Avery Brundage was less than admirable in many respects. The former head of the U.S. Olympic Committee (1929-52) and International Olympic Committee (1952-72) was a fan of Hitler and instrumental in awarding Olympic Games to all three members of the original Axis of Evil (Germany, Japan and Italy). He stood for a brand of amateurism that amounted to social elitism. He thought women’s sports had no place in the Olympics, or anywhere else.
He wasn’t nice, either; despite his image of starchy rectitude, it was revealed after his death in 1975 that he’d had two children by a longtime mistress, and left them all out of his will.
But even a stopped clock is right twice a day, and I agree with Brundage about one thing: he thought that while coaches might be allowed on the practice fields, they should have to buy tickets to get into the arenas on game days.
OK, maybe that’s a bit extreme. Some coaches are decent-enough people and ought to be given a free seat on their teams’ benches, down at the end. Come NCAA basketball tournament time, however, I often wish they’d go away altogether, and leave their players alone.
This desire emerges especially in the last few minutes of any college-hoops game that’s competitive. Although timeouts seem plentiful enough while the contests unfold, they’re downright ubiquitous in the home stretch, stopping play every few seconds for coachly strategizing. Action grinds to a halt, toilets flush throughout TVland, and the question changes from how the game will end to whether it will. By the time things are decided I’ve sometimes lost interest.
Overcoaching is particularly a problem for school sports, I think. While our professional leagues exist solely to entertain the public and enrich their participants, the games schoolkids play are supposed to have an educational component, preparing young athletes to make their way on later-life stages.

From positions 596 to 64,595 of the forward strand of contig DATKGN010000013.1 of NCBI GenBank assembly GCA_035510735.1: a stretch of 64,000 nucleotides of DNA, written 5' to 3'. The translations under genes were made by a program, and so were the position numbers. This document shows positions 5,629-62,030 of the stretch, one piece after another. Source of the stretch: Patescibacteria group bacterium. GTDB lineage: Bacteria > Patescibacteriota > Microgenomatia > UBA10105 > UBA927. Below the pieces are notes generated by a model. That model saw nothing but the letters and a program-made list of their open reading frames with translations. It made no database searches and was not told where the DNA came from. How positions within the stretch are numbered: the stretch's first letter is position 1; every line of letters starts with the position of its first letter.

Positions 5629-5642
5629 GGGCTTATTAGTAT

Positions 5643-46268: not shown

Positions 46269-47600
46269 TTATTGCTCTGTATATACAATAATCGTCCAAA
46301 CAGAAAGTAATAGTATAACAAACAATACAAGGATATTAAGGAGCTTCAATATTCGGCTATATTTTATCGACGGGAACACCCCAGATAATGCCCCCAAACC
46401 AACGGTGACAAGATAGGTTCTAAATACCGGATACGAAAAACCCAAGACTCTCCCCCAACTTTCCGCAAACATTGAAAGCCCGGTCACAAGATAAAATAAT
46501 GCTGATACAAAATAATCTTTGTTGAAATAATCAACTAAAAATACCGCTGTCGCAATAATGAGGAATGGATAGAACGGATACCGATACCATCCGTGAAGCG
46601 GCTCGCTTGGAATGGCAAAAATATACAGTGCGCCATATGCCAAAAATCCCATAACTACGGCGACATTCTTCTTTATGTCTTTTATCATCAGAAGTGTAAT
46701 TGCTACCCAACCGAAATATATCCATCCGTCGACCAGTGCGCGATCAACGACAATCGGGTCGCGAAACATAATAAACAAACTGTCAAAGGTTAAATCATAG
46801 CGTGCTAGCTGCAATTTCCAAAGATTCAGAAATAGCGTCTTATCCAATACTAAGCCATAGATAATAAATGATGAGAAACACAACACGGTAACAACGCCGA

The rest of the educational process is—or should be—geared to this end. Students read, attend lectures and engage in give-and-take with their teachers, but at “crunch time”-- when papers are written and exams taken—they’re on their own. That’s turned on its head in sports when the teachers (that is, coaches) take over decision-making when a game’s outcome is at stake.
What lesson is being taught— when in doubt look for some boss to tell you what to do? What’s practice for, anyway?
Furthermore—and Dick Vitale to the contrary notwithstanding-- the efficacy of time-out play calling is anything but clear. I have this on the authority of a couple of coaches I came to admire during my columnizing days.
My favorite college basketball coach was Abe Lemons, a droll character whose 599 career victories came mostly at institutions in Texas and Oklahoma, states in which, he said, “men love their families and football, not necessarily in that order.”
Abe claimed he never went in much for X’s and O’s, noting “If my X is Michael Jordan, your whole team of O’s won’t stop him.” He’d add: “I don’t have any tricky plays. I’d rather have tricky players.”
And anyhow, “There really are only two plays: ‘Romeo and Juliet’ and ‘put the darned ball in the basket.’ I don’t need to call a time out to give my kids that last one.”
Dale Brown, who spent many years coaching basketball at Louisiana State U., agreed, pretty much. “I’d call time out late in a game, draw up a play and give every player an assignment,” he once told me. “Invariably, just before they’d run out on the court, at least one of them would ask me what he was supposed to do.
“The play never would run as planned, and a kid would wind up taking a terrible, off-balance shot. I’d go ‘No…No…No… Great Shot!’ Afterward I’d tell the reporters it happened just the way I’d laid it out.”